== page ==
• In peripheral retina, the RF of ganglion cell is ~ 1mm; (connected to hundreds of photoreceptors).
  • 22. ♥ The Receptive Field (RF) of Ganglion Cells
  • 23.
    • 2 types of ganglion cells
    • : According to the effect exerted by the receptive field on them:
    • On-centre GC
    • Off-centre GC
  • 24.
    • Thus, wide illumination of the retina has weaker effect than pinpoint illumination
    • Because wide illumination does not give the ganglion cells clear orders
    • Whereas pinpoint illumination by its antagonistic nature sharpens the orders to ganglion cells
  • 25. The Receptive Field (RF) of Ganglion Cells Response of ON-centre Ganglion cell to Light
  • 26. What is the role of Lateral Cells?
    • Horizontal Cells
    • Lateral connection between rods & cones, between bipolar cells
    • Responsible for lateral inhibition giving a stop to lateral spread of excitation -> ↑visual accuracy
    • Amacrine Cells
    • Lateral connection between BC & GC
    • ~ 30 types
    • Helping to analyse visual signals before leaving retina
  • 27. Phototransduction = Ionic Basis of photoreceptor Potential = Genesis of electric responses in retina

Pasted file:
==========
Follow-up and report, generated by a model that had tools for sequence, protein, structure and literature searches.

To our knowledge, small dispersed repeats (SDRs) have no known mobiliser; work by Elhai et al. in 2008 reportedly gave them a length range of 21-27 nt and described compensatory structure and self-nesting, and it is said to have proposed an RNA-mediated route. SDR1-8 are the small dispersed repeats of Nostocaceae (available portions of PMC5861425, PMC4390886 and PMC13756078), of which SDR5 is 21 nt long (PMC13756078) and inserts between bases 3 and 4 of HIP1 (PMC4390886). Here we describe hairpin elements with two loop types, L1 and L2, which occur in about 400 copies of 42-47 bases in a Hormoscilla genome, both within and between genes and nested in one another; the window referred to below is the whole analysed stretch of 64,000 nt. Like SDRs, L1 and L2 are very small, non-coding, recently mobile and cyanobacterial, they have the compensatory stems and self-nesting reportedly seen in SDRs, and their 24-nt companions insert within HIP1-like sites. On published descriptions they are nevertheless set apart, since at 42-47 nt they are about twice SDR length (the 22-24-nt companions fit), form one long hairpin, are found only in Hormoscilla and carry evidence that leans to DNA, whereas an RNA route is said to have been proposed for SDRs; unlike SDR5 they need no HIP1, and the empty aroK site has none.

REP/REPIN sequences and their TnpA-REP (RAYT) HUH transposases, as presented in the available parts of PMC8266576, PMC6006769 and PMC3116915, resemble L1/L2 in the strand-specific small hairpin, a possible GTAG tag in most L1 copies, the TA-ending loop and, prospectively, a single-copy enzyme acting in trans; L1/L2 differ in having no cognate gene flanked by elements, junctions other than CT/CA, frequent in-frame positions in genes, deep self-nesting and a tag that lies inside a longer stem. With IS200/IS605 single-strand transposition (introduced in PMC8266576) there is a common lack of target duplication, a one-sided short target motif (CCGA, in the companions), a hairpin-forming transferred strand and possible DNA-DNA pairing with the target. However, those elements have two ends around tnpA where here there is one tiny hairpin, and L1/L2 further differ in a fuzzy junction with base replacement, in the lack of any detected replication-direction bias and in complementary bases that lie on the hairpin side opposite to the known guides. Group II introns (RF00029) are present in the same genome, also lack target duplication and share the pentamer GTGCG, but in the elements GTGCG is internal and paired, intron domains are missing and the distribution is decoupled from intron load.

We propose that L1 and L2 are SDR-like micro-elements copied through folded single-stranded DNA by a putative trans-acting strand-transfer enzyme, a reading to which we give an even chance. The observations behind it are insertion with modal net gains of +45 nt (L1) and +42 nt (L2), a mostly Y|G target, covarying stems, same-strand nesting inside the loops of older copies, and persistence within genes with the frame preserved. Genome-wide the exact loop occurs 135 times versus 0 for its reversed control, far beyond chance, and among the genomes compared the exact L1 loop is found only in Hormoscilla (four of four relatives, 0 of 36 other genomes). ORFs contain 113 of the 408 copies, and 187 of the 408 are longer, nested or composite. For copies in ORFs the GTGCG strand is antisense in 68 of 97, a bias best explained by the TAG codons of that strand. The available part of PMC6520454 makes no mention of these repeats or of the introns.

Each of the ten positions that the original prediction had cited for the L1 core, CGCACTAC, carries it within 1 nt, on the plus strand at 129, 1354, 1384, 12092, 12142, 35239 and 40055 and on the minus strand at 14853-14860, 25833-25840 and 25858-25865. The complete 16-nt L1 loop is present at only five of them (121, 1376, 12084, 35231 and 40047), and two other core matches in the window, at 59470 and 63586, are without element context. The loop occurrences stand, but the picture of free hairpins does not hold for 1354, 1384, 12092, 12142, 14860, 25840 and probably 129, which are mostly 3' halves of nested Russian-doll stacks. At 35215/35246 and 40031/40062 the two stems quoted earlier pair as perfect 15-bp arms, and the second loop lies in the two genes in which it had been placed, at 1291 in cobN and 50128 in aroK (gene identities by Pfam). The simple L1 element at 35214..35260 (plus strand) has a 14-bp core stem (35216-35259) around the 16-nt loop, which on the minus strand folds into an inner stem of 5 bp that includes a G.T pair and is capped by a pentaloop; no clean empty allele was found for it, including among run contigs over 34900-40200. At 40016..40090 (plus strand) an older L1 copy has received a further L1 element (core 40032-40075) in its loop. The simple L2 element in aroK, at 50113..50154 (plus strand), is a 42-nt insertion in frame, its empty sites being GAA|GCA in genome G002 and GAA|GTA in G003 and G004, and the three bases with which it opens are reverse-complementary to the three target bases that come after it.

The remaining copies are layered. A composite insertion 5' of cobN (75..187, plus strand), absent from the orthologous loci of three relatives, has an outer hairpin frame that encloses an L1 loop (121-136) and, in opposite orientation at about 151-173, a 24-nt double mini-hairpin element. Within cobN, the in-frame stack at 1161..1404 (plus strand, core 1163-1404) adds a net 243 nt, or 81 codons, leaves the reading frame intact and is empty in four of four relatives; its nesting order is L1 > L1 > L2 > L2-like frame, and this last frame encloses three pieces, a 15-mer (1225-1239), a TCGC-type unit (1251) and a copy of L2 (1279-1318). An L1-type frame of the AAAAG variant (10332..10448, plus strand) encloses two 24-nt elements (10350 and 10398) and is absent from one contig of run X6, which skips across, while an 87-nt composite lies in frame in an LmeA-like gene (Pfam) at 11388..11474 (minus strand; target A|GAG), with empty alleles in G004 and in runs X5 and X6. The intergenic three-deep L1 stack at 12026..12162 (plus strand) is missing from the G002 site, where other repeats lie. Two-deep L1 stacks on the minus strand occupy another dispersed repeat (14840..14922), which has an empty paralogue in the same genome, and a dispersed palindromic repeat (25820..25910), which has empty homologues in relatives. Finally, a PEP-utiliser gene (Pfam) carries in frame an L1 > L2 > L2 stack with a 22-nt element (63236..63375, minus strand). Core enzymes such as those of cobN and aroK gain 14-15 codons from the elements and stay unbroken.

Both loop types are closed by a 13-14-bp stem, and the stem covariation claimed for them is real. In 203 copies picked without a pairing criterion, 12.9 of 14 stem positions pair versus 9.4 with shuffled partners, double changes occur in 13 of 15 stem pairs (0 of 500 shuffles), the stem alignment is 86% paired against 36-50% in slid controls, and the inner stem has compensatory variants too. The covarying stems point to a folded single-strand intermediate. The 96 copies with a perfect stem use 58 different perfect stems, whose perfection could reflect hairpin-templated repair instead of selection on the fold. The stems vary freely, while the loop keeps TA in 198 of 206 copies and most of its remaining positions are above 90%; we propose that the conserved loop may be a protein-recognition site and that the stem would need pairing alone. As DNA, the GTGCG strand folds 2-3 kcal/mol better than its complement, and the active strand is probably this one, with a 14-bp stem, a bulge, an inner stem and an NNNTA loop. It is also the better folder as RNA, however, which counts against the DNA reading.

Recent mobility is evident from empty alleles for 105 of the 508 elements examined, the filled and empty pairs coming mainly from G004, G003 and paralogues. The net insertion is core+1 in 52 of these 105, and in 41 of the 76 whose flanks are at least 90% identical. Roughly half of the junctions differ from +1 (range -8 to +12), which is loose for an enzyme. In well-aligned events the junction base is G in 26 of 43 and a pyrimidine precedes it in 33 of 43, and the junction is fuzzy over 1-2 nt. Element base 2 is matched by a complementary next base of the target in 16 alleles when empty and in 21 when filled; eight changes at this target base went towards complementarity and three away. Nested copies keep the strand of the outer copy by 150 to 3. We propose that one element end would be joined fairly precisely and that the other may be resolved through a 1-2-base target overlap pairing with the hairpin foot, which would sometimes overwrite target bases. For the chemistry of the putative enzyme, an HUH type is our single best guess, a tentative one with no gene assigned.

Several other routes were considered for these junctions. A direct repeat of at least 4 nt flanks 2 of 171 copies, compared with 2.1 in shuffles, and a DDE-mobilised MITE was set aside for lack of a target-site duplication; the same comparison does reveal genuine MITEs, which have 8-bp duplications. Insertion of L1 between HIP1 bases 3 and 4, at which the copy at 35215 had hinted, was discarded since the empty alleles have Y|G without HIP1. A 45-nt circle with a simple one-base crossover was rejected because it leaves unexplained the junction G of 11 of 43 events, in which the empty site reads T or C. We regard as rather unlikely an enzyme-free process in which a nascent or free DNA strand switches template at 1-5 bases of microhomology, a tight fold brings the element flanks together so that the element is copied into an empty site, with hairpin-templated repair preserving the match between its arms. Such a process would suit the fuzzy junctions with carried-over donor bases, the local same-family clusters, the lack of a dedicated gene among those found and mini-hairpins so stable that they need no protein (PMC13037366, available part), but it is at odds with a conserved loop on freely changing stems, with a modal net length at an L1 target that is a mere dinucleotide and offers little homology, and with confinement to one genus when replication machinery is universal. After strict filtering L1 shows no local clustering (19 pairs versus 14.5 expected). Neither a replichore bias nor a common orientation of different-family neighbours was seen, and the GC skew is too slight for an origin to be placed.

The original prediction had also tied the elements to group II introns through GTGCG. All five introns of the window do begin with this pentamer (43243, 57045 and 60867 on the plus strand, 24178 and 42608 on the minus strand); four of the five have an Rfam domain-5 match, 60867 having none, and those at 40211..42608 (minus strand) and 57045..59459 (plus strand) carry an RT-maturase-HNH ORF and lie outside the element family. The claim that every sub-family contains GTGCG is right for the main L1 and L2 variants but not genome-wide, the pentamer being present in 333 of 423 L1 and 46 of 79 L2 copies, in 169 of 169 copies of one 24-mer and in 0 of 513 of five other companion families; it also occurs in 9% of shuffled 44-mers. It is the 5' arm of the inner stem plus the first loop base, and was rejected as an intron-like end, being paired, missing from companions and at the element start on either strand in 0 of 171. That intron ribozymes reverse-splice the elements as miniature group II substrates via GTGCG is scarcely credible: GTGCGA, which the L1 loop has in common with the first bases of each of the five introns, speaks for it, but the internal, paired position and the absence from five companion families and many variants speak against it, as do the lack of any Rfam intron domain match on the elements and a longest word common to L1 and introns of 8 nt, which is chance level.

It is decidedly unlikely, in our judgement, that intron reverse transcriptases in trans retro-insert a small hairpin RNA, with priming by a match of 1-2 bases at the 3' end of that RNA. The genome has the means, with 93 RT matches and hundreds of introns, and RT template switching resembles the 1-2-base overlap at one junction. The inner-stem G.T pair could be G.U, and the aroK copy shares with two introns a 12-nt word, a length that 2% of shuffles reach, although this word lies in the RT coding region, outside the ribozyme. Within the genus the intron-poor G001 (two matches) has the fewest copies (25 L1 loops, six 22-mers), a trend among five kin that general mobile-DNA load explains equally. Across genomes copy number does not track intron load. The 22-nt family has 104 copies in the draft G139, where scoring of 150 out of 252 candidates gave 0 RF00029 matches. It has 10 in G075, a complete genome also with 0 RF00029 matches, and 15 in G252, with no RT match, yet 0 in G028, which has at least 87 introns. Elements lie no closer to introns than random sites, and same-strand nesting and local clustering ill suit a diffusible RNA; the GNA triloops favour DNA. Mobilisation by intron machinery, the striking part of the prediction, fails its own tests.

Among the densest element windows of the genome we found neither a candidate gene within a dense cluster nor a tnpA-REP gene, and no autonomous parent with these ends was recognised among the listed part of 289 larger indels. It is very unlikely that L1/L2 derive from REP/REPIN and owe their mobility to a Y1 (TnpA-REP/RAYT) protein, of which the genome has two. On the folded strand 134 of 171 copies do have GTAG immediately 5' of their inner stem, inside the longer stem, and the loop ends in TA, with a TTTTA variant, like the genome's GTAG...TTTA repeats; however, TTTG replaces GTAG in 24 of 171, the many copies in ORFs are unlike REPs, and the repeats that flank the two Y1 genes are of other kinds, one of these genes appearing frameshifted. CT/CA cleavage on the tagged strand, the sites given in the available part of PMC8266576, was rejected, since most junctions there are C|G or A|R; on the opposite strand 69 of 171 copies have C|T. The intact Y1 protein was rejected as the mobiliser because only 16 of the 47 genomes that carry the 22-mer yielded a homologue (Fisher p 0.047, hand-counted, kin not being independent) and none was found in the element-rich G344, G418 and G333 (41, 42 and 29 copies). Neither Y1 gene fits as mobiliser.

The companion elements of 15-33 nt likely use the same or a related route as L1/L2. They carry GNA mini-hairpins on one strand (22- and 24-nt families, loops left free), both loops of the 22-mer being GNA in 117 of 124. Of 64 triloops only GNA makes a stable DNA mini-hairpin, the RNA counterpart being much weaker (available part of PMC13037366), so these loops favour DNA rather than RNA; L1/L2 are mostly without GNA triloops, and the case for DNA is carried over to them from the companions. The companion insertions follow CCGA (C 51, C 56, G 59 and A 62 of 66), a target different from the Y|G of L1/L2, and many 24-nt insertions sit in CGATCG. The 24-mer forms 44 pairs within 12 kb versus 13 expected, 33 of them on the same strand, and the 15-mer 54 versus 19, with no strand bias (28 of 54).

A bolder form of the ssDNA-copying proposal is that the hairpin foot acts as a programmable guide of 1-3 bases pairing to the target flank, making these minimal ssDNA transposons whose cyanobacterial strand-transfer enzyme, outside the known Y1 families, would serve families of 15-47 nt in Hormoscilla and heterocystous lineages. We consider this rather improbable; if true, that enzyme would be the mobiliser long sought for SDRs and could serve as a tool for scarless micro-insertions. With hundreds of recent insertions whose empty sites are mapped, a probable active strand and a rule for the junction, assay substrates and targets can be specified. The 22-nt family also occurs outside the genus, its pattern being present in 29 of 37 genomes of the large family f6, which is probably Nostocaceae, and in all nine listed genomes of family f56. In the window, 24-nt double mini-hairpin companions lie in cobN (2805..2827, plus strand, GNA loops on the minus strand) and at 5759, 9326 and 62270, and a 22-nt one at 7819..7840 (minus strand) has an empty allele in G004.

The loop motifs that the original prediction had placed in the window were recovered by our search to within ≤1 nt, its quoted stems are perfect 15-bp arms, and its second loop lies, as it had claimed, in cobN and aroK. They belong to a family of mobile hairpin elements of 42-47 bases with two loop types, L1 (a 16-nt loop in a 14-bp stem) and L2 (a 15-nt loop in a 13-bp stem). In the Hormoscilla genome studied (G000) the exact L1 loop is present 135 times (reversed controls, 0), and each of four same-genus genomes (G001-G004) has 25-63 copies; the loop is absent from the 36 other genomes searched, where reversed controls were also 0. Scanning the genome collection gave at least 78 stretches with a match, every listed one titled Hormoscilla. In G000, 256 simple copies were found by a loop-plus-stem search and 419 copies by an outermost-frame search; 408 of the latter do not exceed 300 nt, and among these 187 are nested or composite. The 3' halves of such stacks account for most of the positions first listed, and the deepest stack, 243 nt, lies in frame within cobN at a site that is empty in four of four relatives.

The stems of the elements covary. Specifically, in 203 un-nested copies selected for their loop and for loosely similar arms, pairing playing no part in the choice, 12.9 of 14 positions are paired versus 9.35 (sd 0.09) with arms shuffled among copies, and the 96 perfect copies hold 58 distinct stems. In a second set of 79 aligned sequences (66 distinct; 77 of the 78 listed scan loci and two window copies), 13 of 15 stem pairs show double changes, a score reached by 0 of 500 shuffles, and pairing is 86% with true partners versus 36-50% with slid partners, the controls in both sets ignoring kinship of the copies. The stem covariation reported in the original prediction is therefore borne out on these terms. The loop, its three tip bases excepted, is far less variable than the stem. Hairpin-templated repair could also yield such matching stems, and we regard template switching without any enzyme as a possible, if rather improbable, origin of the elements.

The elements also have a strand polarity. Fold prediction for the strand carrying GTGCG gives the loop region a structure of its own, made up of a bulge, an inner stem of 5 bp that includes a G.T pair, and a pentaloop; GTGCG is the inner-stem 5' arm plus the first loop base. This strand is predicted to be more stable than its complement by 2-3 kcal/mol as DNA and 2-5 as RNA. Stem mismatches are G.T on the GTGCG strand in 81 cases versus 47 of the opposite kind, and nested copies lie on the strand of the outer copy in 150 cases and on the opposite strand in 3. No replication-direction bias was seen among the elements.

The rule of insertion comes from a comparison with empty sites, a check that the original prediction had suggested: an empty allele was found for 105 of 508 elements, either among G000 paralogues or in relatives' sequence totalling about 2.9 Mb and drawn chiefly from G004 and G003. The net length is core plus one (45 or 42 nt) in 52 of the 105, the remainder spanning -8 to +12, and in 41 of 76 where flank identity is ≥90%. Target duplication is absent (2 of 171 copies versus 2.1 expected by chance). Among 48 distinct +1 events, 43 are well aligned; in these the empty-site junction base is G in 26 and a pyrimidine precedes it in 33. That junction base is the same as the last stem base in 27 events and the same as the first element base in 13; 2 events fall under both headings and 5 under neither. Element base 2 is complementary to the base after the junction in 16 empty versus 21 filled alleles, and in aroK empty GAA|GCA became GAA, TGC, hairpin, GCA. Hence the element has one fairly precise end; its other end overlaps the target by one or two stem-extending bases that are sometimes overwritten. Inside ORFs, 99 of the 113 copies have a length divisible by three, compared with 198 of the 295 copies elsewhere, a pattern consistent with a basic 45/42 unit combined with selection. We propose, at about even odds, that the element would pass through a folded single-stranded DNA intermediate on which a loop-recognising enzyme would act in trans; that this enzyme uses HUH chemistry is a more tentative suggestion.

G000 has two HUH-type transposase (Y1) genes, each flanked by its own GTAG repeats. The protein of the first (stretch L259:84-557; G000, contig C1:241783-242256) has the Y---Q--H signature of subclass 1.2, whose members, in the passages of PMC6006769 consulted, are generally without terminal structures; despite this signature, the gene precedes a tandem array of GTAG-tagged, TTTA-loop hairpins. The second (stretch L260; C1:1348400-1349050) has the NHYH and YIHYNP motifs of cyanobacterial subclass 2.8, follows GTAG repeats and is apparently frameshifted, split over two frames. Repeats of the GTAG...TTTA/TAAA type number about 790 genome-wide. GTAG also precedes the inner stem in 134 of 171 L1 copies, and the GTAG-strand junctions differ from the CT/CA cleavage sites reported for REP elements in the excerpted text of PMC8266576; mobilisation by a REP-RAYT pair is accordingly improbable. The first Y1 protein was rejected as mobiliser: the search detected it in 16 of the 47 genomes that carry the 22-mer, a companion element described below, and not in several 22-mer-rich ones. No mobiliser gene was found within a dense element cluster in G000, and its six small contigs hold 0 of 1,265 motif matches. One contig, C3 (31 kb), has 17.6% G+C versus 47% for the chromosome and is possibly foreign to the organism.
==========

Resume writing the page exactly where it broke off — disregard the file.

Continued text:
• 28. Phototransduction
    • Light falling on photoreceptors
    • Causes a change in photoreceptor potential (what is the ionic basis for this change)
    • This releases BC from inhibition (stimulated)
    • Excite GC whose firing rate is increased & transmitted along optic nerve.
  • 29. Effect of Light on Retinal Neurons
  • 30.
    • 1- Decomposition of photosensitive pigment (Visual purple) in rods & cones by light
    • Rhodopsin (Visual purple) = protein (scotopsin + pigment (11-cis retinal).
    • Rhodopsin Light conversion of angulated 11-cis retinal to straight all-trans retinal
    • This change -> splitting between scotopsin & all-trans retinal, thus
    • Rhodopsin -> -> metarhodopsin II (Activated Rhodopsin).
    Ionic Basis for Phototransduction
  • 31.
    • 2- Generation of receptor potential by activated rhodopsin
    • Activated rhodopsin -> activates Transducin, G t (in disc membrane) -> cascade activation of the enzyme phosphodiestrase -> cascade hydrolysis of cGMP(splinter of Na + Ch) -> cascade closure of Na + Ch -> ↓ Na entry to outer segment -> ↑ the intrarod negativity (Hyperpolarization) -> ↓ transmitter (glutamate) release in synaptic terminal -> disinhibition of bipolar cells -> excitation of B cells -> excitation of GC that respond by generation of depolarizing action potential -> optic nerve -> visual pathway.
    Ionic Basis for Phototransduction